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Market Failure and Government Intervention

take effect, and 2012, Mr. Lloyd said. It would [add about $1,000 to the cost of a new car] in the state by 2015.2

That the social supply curve for cars is $300 above the private supply curve.

There are also negative consumption externalities and positive production externalities and the media are loaded with examples.  After all “third parties” are people are affected by other peoples’ business, and when they get incensed about it, it becomes news.  

Externalities  prevent the private market equilibrium from correctly delivering the social optimum.  To correct such a market failure, the government can intervene in a number of ways:

1.Prohibitions on production or consumption.  Prohibitions are suited to goods which produce clear public harm without compensatory public benefit.  In the United States this kind of intervention is used for many types of drugs, other harmful products, prostitution, violence, and a wide number of antisocial behaviors.

2. Nationalization or Public Enterprise.  When a good is highly dangerous but has a clear, offsetting, and overriding benefit, the government may nationalize a private firm or go into business itself as a public enterprise.  The government sets up public enterprises like NASA to run the space program, the U.S. Post Office, the public education system, and many other services.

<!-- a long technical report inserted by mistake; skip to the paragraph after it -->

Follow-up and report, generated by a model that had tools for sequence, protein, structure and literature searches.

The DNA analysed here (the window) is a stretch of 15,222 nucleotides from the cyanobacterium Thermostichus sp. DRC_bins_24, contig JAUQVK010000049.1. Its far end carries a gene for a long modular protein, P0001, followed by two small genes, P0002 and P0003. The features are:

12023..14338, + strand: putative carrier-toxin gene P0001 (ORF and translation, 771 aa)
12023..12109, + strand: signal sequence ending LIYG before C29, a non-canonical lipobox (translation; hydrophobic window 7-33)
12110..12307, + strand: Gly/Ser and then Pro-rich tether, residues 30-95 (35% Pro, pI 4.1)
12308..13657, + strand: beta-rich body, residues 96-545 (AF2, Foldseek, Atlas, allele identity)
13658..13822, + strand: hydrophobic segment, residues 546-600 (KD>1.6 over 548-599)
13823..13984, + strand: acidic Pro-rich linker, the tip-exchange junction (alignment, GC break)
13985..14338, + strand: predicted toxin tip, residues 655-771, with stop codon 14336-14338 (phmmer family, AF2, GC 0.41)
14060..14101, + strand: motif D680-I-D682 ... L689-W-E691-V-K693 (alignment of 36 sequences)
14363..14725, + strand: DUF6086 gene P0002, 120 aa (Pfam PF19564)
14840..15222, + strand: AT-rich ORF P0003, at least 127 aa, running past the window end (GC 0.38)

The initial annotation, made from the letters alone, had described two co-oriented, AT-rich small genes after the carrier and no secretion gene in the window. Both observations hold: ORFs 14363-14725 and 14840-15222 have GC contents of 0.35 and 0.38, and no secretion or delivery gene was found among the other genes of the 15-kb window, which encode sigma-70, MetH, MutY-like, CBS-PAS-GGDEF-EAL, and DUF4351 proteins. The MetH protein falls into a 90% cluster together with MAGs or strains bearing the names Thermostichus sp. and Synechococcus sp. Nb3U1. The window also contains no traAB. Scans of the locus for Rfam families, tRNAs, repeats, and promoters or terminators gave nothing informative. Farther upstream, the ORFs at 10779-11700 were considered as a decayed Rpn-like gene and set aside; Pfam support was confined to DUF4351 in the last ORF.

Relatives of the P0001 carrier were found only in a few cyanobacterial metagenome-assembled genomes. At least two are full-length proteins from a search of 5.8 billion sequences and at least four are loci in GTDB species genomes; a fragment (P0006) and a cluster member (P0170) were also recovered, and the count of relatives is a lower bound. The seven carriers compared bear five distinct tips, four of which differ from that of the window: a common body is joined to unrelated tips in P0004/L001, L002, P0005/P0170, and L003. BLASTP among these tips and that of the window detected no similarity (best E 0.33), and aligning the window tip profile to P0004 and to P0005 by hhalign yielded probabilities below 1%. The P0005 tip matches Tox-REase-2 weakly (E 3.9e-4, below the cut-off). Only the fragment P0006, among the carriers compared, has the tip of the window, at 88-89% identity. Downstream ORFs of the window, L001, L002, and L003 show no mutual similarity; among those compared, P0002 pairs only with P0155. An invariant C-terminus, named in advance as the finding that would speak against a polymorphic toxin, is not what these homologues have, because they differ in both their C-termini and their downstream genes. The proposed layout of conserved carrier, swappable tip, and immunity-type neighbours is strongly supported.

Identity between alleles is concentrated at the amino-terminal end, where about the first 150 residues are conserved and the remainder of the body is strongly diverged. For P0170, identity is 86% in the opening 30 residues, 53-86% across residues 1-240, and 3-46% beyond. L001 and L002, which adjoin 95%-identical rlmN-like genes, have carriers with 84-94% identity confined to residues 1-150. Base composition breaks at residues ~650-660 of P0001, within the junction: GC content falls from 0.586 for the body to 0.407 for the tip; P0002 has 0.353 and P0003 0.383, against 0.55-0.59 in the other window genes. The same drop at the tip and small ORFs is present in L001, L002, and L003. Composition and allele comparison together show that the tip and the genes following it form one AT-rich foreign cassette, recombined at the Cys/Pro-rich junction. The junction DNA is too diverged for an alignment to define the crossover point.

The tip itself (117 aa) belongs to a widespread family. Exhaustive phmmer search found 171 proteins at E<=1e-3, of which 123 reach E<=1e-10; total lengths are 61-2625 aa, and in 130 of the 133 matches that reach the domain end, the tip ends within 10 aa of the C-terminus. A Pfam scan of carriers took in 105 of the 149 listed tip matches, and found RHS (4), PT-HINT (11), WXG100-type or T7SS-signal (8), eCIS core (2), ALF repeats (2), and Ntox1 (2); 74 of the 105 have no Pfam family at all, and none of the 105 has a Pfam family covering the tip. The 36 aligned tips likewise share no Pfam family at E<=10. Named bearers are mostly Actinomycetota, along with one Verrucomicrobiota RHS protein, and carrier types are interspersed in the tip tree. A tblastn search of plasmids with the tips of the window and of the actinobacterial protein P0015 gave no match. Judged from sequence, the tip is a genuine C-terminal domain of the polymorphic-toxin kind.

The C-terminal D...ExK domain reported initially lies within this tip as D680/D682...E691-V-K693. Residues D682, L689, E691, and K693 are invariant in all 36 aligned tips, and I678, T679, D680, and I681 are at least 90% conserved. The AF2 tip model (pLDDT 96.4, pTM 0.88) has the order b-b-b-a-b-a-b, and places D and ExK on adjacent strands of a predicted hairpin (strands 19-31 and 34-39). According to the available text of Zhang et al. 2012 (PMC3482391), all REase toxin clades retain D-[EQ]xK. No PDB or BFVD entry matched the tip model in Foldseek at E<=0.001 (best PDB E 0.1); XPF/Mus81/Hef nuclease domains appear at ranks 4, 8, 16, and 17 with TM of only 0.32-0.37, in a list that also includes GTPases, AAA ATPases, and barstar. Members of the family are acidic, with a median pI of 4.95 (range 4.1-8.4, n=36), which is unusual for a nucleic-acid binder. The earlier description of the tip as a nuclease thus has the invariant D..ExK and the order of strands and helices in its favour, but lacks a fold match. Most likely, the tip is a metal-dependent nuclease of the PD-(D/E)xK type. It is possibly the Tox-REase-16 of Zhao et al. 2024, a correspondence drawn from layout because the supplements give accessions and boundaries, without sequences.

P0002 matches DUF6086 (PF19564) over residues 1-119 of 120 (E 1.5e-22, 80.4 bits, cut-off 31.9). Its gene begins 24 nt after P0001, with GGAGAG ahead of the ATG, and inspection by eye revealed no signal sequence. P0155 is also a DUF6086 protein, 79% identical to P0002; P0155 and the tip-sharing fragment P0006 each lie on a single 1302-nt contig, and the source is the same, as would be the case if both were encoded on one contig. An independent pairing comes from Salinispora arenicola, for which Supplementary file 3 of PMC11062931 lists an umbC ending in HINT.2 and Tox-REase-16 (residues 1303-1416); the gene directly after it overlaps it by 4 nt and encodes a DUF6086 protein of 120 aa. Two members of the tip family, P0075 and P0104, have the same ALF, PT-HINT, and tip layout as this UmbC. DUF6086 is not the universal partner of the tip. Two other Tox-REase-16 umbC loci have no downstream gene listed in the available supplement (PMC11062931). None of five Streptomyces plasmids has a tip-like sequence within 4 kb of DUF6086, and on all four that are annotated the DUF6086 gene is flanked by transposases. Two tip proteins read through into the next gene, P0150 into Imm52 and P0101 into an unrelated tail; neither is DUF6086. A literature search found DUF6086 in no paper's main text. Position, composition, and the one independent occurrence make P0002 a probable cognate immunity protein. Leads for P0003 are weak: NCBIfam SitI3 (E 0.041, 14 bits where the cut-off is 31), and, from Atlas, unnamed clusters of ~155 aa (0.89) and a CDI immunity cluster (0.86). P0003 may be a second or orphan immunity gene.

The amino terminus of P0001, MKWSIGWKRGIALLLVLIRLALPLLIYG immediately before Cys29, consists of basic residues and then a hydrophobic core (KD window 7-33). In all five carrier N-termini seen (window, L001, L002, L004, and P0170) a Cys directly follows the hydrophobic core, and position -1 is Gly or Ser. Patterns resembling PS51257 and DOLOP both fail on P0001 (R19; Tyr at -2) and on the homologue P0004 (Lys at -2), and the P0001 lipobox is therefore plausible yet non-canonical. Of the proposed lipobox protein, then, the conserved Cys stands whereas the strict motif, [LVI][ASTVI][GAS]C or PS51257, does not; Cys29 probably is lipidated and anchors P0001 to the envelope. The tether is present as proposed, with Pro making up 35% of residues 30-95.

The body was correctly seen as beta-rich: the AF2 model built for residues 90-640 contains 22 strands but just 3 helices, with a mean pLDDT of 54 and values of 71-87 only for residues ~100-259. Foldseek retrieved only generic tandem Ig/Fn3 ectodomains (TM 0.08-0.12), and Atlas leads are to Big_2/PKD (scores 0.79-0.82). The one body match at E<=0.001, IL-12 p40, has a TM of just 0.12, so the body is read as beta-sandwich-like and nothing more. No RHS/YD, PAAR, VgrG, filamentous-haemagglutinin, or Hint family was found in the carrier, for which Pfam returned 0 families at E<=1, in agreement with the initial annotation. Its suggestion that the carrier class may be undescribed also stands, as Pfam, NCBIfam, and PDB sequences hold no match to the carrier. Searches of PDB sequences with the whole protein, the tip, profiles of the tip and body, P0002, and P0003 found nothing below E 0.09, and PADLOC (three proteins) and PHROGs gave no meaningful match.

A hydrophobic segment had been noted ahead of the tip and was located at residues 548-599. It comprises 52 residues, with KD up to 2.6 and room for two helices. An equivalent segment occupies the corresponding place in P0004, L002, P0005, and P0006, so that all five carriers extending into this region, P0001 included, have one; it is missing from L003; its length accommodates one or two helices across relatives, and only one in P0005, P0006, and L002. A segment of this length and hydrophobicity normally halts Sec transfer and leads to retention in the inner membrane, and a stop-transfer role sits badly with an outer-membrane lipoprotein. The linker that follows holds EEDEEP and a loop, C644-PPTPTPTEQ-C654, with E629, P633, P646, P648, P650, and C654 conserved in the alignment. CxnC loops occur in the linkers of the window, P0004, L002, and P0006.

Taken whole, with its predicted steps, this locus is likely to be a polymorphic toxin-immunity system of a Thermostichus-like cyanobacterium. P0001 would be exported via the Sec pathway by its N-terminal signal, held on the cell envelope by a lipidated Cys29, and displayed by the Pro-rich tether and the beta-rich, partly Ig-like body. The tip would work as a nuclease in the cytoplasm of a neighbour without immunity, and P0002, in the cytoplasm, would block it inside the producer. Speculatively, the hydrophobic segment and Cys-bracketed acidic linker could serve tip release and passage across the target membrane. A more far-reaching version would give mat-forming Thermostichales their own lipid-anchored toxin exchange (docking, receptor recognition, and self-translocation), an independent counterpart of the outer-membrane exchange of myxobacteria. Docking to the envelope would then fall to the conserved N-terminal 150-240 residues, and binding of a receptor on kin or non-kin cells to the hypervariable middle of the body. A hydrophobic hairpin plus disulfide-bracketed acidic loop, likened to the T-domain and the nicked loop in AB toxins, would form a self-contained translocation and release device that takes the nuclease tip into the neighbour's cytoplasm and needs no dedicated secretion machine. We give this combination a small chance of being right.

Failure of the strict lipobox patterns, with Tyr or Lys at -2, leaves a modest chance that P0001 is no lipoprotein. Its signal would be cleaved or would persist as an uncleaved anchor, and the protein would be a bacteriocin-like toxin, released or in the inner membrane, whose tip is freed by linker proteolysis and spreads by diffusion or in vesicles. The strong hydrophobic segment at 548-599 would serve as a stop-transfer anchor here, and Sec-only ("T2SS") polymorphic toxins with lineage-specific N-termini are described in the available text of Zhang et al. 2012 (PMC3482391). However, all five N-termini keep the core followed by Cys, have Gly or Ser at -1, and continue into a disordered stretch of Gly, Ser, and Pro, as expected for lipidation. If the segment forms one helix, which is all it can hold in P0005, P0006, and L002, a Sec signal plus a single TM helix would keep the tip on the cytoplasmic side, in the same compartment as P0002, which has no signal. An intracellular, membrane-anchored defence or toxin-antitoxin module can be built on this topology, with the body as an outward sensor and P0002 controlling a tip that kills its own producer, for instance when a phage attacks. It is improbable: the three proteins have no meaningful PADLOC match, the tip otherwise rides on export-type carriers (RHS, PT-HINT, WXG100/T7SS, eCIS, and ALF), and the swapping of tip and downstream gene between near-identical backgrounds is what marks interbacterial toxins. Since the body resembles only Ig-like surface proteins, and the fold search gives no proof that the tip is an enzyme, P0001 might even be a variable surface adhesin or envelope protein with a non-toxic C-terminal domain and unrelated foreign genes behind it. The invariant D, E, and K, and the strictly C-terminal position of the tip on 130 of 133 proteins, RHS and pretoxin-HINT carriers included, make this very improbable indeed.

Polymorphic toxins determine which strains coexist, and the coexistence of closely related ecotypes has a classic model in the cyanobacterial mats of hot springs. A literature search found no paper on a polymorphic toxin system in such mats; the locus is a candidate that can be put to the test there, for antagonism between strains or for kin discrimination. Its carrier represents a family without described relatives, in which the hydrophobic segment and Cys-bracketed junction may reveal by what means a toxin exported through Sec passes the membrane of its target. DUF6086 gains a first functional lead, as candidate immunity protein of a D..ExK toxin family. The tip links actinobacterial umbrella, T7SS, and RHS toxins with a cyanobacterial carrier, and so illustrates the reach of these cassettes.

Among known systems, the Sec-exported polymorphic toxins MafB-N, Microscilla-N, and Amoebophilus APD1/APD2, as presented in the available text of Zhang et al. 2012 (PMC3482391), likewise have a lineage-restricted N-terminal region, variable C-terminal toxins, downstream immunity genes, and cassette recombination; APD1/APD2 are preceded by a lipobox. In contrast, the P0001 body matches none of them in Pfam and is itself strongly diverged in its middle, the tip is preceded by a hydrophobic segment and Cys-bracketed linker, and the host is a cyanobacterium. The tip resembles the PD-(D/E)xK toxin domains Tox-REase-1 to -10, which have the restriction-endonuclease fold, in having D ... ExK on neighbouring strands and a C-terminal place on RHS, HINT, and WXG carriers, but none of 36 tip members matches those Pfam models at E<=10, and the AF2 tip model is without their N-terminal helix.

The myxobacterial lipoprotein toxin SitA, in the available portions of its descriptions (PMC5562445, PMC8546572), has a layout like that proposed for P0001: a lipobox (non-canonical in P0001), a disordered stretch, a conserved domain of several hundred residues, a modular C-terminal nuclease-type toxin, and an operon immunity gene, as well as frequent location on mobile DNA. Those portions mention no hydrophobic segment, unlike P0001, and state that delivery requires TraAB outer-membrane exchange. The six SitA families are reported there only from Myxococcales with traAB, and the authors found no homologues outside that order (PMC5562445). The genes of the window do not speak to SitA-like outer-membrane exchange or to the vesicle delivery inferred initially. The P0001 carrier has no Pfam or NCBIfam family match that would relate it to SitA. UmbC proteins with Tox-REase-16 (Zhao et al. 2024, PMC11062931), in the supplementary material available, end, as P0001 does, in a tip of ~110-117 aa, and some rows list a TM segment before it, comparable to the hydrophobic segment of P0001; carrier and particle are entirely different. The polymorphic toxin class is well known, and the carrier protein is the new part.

3. Regulation.  The government can directly limit prices, output, profit, conduct, and performance of a firm.  The government closely regulates utilities, government contractors, the banking system, and firms engaged in national security.

4. Taxes and Subsidies.  Taxes and subsidies can be tailored in such a way that they force a firm to pay the full cost (or receive the full benefit) of an externality.  For example, government imposes specific taxes on cigarettes, alcohol, gambling and other slightly deleterious luxuries.  On the other hand, it has subsidized semiconductors, synthetic fuels, American shipping, and other industries contributing to national security.

5. Creating new markets or adjusting existing ones.  Often a market failure can be corrected by changing market incentives.  For example, states like California have created pollution rights to streams or environments.  If environmentalists wish to buy the pollution rights, they can and pollution will be prevented.  However, if firms receive the highest bid, they can pollute according to the right that they purchase.

Generally the least intrusive or restrictive form of government intervention should be used to correct distortions due to externalities.  

C.  Divisibility and Excludability

A pure private good or service can be divided into infinitely small units for

2 http://online.wsj.com/search/0,,,00.html - SB108682890293233452

California Is Set To Crack Down On Car Emissions

June 10, 2004; Page D6

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